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Brain Research Publications

Welcome to the publications section of Brain Health and Wellness Lab. Our research focuses on the brain and we publish articles on various topics related to it. Our publications are a result of extensive research and experimentation. Click on the links below to read our latest publications.

Effect of exercise on sleep quality in Parkinson’s disease: a mini review

The growing incidence of Parkinson’s Disease (PD) is a major burden on the healthcare system. PD is caused by the degeneration of dopaminergic neurons and is known for its effects on motor function and sleep. Sleep is vital for maintaining proper homeostasis and clearing the brain of metabolic waste. Adequate time spent in each sleep stage can help maintain homeostatic function; however, patients with PD appear to exhibit sleep impairments. Although medications enhance the function of remaining dopaminergic neurons and reduce motor symptoms, their potential to improve sleep is still under question. Recently, research has shifted towards exercise protocols to help improve sleep in patients with PD. This review aims to provide an overview of how sleep is impaired in patients with PD, such as experiencing a reduction in time spent in slow-wave sleep, and how exercise can help restore normal sleep function. A PubMed search summarized the relevant research on the effects of aerobic and resistance exercise on sleep in patients with PD. Both high and low-intensity aerobic and resistance exercises, along with exercises related to balance and coordination, have been shown to improve some aspects of sleep. Neurochemically, sleeping leads to an increase in toxin clearance, including α-synuclein. Furthermore, exercise appears to enhance the concentration of brain-derived neurotrophic factors, which has preliminary evidence to suggest correlations to time spent in slow-wave sleep. More research is needed to further elucidate the physiological mechanism pertaining to sleep and exercise in patients with PD.

Parkinson’s Disease and the Cardiac Cycle: A Rapid Literature Review and Case Series

Background and Objectives: Cardiac function in patients with Parkinson’s Disease (PD) is not well understood. We conducted a review of the literature to summarize all available data on the cardiac cycle in patients with PD and followed up the review with a case series to describe the cardiac cycle timing intervals in this patient population. Methods: Using the search terms (“Cardiac cycle” OR “echocardiography” OR “LVET” OR “IVCT” OR “IVRT” OR “LVEF” OR “Systolic Dysfunction” OR “Diastolic Dysfunction”) AND (“Parkinson’s Disease”), 514 studies were found with 19 included in the review. Results: Studies focused on the impact of medication, the presence of autonomic dysfunction, and resting-state, descriptive observational studies which considered the cardiac cycle. While inconsistent, the evidence suggests that patients with PD have some systolic dysfunction, with recent research implying the presence of subclinical systolic dysfunction. From the case series, 13 participants with PD were included and collected cardiac data daily for 6 weeks. Heart rate was consistent on a weekly basis at 67–71 bpm. Mean week-by-week cardiac parameters were also consistent with the systolic time interval at 332–348 ms, isovolumic relaxation time at 92–96 ms, and isovolumic contraction time at 34–36 ms. Conclusion: These timing intervals add valuable normative values for this patient population and the review of the literature suggests that more research is required to better understand cardiac cycle timing intervals in patients with Parkinson’s Disease.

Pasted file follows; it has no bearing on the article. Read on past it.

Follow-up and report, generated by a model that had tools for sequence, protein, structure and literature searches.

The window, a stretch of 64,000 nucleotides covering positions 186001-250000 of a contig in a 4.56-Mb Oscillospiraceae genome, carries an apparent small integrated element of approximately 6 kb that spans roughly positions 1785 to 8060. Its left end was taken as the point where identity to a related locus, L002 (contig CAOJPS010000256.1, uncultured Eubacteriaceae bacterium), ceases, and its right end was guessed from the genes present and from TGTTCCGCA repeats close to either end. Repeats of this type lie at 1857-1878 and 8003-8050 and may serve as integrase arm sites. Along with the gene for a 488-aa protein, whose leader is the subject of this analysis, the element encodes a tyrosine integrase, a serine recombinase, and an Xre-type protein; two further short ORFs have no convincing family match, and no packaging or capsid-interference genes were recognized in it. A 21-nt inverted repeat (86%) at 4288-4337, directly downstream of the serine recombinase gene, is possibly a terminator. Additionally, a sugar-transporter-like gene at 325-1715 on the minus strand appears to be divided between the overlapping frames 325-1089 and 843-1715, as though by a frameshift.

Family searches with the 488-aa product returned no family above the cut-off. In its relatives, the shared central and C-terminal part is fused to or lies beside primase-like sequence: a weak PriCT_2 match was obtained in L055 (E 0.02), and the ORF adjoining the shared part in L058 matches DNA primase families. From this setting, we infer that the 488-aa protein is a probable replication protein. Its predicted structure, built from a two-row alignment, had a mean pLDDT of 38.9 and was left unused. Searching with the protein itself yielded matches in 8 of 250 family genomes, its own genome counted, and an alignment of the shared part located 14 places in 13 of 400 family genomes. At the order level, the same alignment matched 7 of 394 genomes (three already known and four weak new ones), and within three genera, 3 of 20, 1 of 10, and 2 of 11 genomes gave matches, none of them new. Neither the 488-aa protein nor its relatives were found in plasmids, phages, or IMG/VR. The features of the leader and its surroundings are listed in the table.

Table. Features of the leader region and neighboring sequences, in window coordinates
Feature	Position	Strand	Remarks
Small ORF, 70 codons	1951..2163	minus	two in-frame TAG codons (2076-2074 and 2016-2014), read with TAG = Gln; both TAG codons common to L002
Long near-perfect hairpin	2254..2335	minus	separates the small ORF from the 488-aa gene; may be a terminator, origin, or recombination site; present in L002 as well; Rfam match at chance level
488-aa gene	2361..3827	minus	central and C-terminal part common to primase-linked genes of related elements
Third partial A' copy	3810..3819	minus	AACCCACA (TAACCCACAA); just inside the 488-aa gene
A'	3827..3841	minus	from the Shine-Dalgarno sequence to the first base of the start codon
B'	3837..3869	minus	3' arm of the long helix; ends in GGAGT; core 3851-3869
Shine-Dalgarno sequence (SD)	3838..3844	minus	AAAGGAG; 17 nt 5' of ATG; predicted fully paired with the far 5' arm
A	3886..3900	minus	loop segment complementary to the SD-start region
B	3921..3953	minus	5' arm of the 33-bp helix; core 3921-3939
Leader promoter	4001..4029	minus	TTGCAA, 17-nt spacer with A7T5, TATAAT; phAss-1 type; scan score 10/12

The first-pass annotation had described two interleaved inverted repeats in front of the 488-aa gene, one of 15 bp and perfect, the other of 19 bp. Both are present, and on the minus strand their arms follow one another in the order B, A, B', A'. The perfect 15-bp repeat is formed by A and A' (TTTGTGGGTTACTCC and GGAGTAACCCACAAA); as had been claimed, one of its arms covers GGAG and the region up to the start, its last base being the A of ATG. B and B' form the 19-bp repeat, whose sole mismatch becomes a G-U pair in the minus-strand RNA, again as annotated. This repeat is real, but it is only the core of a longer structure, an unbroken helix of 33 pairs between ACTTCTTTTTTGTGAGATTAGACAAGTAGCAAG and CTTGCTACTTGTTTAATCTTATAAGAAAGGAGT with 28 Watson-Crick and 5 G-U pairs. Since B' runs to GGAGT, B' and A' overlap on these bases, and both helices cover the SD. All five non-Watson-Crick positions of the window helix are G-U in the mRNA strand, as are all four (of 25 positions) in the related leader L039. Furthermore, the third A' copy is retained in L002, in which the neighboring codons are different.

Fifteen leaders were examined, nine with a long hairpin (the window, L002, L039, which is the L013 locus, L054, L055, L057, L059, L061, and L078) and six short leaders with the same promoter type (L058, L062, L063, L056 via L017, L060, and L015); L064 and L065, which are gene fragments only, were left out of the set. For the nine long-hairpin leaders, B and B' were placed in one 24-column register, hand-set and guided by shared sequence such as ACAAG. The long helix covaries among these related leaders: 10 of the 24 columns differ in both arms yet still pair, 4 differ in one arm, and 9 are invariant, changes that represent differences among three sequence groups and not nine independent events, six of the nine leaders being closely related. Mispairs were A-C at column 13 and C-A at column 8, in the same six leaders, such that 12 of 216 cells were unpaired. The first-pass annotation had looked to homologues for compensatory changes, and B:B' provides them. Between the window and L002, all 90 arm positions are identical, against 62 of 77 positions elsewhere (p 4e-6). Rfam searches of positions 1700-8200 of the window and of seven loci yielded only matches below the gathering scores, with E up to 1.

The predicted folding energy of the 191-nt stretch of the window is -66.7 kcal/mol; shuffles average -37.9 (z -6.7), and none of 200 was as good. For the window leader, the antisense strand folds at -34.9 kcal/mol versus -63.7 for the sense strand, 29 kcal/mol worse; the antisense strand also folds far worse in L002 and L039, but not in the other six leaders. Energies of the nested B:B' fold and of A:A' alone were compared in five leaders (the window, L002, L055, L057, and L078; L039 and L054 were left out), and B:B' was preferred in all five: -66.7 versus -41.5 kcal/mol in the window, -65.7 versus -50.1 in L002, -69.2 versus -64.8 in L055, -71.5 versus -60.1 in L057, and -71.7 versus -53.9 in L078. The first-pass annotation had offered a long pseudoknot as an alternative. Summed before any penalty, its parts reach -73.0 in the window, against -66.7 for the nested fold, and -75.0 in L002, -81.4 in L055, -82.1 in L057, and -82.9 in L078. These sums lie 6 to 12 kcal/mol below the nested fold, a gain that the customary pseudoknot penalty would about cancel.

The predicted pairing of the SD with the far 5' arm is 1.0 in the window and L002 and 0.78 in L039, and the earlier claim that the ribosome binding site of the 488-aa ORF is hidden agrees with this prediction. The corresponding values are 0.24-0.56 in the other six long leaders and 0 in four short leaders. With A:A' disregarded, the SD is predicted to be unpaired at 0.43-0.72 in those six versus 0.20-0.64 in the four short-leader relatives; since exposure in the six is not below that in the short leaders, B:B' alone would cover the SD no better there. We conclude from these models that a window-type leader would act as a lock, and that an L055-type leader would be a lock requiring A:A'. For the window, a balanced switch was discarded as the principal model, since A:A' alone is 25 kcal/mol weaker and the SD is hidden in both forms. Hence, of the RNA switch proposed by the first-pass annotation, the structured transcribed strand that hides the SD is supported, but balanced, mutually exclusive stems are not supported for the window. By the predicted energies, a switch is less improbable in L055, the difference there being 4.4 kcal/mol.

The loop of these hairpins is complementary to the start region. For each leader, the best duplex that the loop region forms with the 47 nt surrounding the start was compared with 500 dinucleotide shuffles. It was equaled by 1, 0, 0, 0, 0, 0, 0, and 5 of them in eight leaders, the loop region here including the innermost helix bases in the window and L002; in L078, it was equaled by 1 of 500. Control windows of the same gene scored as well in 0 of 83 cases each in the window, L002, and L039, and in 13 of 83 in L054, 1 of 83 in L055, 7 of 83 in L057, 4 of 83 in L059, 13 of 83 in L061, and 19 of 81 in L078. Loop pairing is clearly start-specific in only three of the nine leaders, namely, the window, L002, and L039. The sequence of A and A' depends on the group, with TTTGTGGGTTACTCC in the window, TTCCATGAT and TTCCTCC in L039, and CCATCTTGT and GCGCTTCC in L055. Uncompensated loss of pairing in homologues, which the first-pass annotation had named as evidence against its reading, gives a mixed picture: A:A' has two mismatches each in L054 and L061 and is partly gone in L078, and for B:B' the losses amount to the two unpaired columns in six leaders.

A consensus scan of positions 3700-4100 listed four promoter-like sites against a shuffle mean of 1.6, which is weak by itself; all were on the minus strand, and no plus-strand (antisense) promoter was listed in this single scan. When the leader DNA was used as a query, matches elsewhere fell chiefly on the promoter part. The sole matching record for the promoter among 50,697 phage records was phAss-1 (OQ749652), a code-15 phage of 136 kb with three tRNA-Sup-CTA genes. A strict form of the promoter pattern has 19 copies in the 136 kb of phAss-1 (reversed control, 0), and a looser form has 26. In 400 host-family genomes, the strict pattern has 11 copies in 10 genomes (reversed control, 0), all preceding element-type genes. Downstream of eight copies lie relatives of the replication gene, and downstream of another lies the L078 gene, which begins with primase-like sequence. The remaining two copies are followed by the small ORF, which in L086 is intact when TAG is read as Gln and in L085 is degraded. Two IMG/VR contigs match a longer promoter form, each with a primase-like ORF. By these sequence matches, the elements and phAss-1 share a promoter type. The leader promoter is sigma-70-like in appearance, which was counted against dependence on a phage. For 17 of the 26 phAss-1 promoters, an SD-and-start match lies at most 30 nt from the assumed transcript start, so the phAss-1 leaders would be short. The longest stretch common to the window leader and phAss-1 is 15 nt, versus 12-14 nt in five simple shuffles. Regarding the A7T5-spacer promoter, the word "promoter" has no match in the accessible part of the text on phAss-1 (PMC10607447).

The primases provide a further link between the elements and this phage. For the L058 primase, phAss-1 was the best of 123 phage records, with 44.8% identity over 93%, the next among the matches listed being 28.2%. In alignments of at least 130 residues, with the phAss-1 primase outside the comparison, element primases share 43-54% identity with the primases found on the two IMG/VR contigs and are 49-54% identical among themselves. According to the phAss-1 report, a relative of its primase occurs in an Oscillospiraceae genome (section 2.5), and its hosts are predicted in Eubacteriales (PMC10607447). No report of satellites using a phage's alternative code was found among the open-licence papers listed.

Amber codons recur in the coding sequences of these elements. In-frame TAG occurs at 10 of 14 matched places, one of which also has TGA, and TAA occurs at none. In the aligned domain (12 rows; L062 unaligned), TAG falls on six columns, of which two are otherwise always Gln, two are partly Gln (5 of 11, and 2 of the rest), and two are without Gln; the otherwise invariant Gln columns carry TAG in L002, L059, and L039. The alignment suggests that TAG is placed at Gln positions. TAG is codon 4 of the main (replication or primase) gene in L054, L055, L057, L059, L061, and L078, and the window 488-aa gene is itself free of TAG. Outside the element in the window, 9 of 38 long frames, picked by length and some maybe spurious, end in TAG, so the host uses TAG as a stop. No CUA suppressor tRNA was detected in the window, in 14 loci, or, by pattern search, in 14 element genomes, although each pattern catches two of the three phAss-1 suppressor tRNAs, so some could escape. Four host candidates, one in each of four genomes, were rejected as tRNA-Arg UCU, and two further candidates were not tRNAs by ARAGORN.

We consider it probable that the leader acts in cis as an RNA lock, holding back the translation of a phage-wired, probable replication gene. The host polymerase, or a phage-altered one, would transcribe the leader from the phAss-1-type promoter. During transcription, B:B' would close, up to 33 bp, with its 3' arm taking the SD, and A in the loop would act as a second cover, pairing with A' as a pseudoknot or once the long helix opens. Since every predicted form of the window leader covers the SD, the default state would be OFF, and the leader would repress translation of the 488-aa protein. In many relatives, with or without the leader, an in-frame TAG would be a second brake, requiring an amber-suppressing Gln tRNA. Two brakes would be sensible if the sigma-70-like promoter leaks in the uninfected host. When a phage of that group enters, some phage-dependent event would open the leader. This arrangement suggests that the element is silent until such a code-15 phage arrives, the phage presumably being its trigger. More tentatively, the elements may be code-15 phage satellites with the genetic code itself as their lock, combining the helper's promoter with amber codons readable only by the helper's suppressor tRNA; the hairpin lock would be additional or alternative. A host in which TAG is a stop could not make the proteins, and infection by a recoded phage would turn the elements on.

Cardiac impairments in postacute COVID-19 with sustained symptoms: A review of the literature and proof of concept

Although acute COVID-19 is known to cause cardiac damage in some cases, there is still much to learn about the duration and relative permanence of the damage that may occur. Long COVID is a condition that can occur when COVID-19 symptoms remain in the postviral acute period. Varying accounts of long COVID have been described across the literature, however, cardiac impairments are sustained in many individuals and cardiovascular assessment is now considered to be an expected follow-up examination. The purpose of this review and proof of concept is to summarize the current research related to the assessment of cardiac function, including echocardiography and blood biomarker data, during the follow-up period in patients who recovered from COVID-19. Following a literature review, it was found that right ventricular dysfunction along with global longitudinal strain and diastolic dysfunction are common findings. Finally, more severe acute myocardial injury during the index hospitalization appears to exacerbate cardiac function. The available literature implies that cardiac function must be monitored in patients recovered from COVID-19 who remain symptomatic and that the impairments and severity vary from person-to-person. The proof-of-concept analysis of patients with cardiac disease and respiratory disease in comparison to those with sustained symptoms from COVID-19 suggests elevated systolic time interval in those with sustained symptoms from COVID-19, thus reducing heart performance indices. Future research must consider the details of cardiac complications during the acute infection period and relate this to the cardiac function in patients with long COVID during mid- and long-term follow-up.

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